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2010-11 William Howard Taft Lecture on Constitutional Law

Thursday, January 20, 2011
12:15 pm - 1:15 pm
College of Law - Room 114

(View webcast)

Vicki C. Jackson
Carmack Waterhouse Professor of Law
Georgetown University Law Center
Thurgood Marshall Visiting Professor of Law (2010-11)
Harvard Law School

“To Endure for Ages to Come”: The U.S. Constitution in a Transnational Era

The Constitution, John Marshall famously wrote, was written “to endure for ages to come.” We are in a transnational age, in which foreign and international law relating to constitutional questions has grown and is increasingly accessible to U.S. lawyers and judges. Should the U.S. Court give more attention to foreign constitutional law, as Chief Justice Rehnquist suggested, extrajudicially, in 1989 and again in 1999? As transnational sources of law, foreign and international, have been invoked in controversial areas (the juvenile death penalty in Roper v Simmons, or the sodomy statute in Lawrence v Texas), some on the Court, in Congress and in the academy became increasingly alarmed, arguing that contemporary foreign law had no place in U.S. constitutional interpretation. The aim of this lecture is twofold. First, it will show that reference to foreign and international law in interpreting the Constitution has a long history in the Supreme Court. Second, it will show how careful consideration of such transnational sources may contribute to a better understanding of our own Constitution and of how it should be interpreted and applied to some of the difficult constitutional challenges of the 21st century.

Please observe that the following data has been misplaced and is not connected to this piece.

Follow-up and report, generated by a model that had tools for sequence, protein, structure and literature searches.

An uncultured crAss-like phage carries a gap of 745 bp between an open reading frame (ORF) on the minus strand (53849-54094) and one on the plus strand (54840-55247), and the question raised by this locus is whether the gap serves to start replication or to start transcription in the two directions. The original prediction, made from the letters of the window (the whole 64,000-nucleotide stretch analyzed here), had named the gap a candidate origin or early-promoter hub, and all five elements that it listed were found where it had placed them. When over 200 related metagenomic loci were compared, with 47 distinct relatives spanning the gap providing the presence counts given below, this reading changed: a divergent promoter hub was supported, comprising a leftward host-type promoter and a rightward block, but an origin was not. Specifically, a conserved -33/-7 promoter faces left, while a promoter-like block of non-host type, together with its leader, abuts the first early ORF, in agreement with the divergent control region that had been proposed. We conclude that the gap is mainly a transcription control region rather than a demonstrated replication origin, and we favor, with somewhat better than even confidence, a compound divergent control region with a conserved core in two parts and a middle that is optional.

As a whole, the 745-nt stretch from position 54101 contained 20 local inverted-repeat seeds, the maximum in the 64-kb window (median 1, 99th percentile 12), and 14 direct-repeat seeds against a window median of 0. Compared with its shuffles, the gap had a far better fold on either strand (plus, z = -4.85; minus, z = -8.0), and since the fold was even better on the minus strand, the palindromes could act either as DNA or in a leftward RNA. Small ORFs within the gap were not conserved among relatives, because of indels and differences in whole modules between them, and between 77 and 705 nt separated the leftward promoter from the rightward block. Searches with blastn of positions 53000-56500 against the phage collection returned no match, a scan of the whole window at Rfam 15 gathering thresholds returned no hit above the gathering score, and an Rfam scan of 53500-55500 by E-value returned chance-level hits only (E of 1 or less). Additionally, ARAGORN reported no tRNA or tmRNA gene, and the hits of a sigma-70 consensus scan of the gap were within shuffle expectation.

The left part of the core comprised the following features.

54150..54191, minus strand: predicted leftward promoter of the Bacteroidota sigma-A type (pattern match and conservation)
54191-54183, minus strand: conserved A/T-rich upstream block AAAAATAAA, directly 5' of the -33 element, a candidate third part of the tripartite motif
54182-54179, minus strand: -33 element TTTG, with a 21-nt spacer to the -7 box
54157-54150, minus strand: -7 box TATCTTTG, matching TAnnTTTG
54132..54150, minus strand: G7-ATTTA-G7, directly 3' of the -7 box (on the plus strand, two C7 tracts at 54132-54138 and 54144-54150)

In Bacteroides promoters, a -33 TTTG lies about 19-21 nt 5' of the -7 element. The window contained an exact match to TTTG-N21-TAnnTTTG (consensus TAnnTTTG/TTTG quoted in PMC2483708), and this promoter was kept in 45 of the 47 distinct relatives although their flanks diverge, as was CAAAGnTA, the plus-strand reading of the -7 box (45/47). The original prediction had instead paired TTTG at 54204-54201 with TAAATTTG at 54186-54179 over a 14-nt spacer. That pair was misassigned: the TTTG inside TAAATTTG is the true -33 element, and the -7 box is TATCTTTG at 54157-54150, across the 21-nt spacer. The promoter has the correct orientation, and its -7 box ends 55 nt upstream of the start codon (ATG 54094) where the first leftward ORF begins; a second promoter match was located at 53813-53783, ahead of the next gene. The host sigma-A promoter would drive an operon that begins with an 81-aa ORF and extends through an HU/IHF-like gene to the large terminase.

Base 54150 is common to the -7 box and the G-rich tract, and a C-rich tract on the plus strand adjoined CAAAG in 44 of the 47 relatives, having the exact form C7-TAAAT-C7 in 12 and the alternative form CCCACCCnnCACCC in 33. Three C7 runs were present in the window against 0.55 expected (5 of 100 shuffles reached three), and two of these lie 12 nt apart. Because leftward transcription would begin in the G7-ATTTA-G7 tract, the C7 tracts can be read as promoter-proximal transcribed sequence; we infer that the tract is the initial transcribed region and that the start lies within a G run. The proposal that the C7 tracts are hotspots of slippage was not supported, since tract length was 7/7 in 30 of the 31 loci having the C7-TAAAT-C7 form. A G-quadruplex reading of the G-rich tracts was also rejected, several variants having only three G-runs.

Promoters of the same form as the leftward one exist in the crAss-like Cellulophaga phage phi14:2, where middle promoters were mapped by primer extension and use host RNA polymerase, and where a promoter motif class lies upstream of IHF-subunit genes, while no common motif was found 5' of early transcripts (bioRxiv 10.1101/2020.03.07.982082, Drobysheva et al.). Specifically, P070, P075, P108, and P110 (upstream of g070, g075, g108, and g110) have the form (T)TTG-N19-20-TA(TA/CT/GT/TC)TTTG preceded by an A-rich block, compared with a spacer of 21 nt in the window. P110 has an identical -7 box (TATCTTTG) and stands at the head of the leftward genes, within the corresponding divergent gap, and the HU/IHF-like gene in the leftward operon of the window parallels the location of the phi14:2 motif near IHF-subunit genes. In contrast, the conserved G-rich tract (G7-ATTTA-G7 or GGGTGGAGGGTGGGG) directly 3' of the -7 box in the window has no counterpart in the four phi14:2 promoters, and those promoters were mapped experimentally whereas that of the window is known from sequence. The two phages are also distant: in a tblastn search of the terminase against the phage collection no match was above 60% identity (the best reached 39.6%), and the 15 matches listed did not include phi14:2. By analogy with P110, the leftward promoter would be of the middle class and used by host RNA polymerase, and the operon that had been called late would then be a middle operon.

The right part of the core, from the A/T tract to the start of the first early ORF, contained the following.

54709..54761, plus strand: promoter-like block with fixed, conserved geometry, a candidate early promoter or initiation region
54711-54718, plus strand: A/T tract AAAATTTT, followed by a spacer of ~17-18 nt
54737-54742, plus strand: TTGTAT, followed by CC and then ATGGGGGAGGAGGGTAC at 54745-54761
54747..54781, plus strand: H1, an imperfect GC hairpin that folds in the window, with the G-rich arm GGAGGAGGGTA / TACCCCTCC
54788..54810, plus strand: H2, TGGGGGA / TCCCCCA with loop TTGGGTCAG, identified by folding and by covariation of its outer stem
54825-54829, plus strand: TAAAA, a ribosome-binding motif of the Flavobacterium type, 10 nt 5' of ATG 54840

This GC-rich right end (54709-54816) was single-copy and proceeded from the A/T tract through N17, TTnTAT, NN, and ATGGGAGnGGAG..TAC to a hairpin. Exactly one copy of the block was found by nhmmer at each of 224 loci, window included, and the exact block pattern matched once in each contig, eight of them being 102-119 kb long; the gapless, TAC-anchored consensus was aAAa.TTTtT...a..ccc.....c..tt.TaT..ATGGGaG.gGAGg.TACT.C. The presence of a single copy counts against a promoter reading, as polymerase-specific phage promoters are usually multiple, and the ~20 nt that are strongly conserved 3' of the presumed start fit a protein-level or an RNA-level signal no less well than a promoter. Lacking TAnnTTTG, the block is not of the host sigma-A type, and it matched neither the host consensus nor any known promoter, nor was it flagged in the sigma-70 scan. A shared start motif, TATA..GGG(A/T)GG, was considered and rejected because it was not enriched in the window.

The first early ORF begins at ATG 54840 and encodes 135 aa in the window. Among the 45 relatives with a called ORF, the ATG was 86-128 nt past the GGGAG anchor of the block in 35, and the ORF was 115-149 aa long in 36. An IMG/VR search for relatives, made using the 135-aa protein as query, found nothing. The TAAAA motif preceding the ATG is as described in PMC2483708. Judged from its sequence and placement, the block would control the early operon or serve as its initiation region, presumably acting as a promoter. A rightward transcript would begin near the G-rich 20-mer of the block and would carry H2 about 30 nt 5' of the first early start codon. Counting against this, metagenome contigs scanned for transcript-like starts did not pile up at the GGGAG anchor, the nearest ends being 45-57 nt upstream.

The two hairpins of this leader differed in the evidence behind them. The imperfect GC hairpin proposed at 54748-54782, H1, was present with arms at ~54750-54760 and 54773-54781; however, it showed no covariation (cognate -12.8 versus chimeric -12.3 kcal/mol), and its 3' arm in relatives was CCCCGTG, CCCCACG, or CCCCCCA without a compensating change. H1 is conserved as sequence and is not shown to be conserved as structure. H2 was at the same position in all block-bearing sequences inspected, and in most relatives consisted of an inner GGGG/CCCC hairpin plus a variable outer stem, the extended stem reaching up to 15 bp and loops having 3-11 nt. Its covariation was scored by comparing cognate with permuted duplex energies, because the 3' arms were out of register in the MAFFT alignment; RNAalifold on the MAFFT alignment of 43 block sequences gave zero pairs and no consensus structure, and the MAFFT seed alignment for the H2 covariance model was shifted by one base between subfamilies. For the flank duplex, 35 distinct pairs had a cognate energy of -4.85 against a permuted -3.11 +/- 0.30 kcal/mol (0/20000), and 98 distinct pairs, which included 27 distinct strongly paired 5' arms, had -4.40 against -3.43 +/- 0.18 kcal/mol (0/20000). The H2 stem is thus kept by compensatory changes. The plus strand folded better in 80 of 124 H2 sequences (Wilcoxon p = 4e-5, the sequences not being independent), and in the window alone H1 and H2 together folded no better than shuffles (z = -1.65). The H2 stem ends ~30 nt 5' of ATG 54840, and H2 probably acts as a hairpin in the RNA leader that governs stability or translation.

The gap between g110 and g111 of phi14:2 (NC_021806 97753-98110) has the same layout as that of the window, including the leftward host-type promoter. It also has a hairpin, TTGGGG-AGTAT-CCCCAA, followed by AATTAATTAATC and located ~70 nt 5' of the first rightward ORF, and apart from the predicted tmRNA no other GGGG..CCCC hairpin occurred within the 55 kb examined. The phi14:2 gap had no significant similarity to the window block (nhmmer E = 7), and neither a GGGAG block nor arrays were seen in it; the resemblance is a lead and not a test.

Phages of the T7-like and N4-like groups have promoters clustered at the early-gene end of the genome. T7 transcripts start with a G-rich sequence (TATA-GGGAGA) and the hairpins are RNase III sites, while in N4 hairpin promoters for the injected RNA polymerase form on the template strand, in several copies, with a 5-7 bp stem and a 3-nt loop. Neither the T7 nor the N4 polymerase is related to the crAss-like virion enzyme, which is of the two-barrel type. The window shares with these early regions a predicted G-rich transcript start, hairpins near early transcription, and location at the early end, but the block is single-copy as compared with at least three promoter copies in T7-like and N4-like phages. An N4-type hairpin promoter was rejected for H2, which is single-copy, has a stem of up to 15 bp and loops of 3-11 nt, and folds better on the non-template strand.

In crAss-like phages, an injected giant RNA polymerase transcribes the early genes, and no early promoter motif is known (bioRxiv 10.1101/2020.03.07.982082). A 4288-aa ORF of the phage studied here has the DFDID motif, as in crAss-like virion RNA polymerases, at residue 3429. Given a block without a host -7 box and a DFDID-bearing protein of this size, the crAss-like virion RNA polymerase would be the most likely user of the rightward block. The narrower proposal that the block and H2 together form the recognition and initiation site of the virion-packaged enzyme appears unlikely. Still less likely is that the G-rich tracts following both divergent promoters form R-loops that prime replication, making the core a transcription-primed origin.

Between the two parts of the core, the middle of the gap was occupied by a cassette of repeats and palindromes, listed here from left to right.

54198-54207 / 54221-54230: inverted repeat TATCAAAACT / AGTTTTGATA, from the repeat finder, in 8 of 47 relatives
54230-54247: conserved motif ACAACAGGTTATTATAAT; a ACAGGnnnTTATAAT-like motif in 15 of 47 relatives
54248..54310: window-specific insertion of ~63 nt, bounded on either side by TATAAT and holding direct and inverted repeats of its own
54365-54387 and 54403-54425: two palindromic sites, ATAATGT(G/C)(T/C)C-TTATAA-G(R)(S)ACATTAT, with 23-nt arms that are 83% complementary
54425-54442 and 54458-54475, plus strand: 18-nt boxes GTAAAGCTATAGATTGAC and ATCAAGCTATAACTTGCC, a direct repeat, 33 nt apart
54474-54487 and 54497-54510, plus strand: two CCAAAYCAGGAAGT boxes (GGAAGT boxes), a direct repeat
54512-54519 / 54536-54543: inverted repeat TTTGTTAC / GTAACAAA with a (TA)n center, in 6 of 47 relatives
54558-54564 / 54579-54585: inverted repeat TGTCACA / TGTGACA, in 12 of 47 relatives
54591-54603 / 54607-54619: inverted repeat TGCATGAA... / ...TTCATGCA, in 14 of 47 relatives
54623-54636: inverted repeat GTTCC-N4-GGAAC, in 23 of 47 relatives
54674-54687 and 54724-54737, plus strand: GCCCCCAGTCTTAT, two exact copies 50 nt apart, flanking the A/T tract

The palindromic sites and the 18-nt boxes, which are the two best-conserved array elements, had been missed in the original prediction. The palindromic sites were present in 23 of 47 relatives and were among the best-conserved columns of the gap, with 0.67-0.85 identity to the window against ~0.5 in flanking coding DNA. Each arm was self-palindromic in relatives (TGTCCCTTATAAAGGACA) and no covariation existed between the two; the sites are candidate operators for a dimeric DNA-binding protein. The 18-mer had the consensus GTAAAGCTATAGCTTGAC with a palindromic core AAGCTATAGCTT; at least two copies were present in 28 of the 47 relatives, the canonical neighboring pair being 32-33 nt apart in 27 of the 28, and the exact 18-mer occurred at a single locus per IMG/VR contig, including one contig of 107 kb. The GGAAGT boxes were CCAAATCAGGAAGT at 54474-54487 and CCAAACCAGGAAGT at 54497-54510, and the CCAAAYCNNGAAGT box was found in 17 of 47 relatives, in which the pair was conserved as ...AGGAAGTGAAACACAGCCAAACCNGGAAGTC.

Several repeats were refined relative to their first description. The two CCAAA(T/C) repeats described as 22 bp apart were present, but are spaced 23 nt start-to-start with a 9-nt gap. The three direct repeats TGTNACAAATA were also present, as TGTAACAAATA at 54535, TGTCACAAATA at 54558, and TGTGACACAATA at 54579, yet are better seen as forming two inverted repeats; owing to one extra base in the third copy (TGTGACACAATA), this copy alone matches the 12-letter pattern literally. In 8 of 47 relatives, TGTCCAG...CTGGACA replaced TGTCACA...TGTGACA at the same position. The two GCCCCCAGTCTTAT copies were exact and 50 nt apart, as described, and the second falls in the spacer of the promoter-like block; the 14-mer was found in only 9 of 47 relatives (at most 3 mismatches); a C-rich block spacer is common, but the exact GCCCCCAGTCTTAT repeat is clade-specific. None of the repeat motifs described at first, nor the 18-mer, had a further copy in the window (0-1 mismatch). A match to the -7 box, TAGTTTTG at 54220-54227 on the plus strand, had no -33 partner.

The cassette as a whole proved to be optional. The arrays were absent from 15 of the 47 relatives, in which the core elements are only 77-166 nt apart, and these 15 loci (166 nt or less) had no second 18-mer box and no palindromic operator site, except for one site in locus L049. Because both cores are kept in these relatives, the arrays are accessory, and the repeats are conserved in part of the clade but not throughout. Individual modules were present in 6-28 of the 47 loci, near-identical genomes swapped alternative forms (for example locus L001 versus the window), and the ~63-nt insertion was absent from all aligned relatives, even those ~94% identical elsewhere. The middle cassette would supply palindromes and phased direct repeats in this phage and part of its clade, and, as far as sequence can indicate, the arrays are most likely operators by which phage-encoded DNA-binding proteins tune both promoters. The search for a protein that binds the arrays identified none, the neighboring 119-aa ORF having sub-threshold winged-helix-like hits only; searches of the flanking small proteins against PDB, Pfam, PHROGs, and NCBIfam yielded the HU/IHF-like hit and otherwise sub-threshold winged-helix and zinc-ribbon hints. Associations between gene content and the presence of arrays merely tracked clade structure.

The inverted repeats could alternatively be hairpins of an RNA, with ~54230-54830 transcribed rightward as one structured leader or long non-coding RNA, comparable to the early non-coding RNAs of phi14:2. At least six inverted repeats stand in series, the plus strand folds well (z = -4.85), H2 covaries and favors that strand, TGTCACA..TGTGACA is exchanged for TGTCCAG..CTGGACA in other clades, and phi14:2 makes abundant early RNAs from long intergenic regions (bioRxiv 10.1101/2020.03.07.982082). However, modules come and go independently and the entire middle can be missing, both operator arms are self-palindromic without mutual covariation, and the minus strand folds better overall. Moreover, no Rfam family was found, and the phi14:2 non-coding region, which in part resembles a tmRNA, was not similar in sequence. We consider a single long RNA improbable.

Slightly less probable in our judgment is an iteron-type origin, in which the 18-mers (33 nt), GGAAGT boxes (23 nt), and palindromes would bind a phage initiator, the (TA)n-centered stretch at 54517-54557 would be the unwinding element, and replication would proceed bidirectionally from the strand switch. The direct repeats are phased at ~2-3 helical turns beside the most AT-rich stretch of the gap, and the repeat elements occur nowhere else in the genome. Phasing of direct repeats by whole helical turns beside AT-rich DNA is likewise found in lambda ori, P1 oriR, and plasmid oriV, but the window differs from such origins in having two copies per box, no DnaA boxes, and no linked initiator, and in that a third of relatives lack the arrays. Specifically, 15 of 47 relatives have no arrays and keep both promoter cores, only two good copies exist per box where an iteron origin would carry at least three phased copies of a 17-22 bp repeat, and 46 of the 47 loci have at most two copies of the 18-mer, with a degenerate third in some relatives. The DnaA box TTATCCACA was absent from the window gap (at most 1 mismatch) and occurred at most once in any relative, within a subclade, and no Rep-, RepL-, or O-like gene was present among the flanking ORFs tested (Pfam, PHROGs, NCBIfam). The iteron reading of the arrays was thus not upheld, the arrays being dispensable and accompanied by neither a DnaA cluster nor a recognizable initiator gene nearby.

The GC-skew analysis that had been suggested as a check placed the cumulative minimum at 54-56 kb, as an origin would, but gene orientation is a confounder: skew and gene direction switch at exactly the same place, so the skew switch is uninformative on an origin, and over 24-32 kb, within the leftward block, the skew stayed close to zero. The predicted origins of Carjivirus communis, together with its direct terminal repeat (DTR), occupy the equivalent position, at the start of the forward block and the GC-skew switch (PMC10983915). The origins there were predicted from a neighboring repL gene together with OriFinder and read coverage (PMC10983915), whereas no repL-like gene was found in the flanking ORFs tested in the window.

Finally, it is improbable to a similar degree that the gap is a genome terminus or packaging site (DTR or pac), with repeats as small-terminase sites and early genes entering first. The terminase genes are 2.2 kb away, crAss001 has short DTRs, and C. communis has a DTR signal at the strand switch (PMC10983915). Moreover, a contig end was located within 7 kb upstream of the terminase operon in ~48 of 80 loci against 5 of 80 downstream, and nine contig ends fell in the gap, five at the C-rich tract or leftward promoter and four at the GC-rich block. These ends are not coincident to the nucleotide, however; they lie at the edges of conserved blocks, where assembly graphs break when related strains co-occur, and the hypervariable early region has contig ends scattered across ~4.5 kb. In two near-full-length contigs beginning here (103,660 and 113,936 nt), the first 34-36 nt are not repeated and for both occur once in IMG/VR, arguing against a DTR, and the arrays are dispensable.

Recent Publications

Constitutional Engagement In a Transnational Era (Oxford University Press, 2010)

Federal Courts Stories (co-editor with Judith Resnik) (Foundation Press, 2010)

Sovereignties–Federal, State and Tribal: The Story of Seminole Tribe (co-authored with Judith Resnik), in Federal Courts Stories (Foundation Press, October 2010)


J.D., Yale Law School, 1975. Editor, Yale Law Journal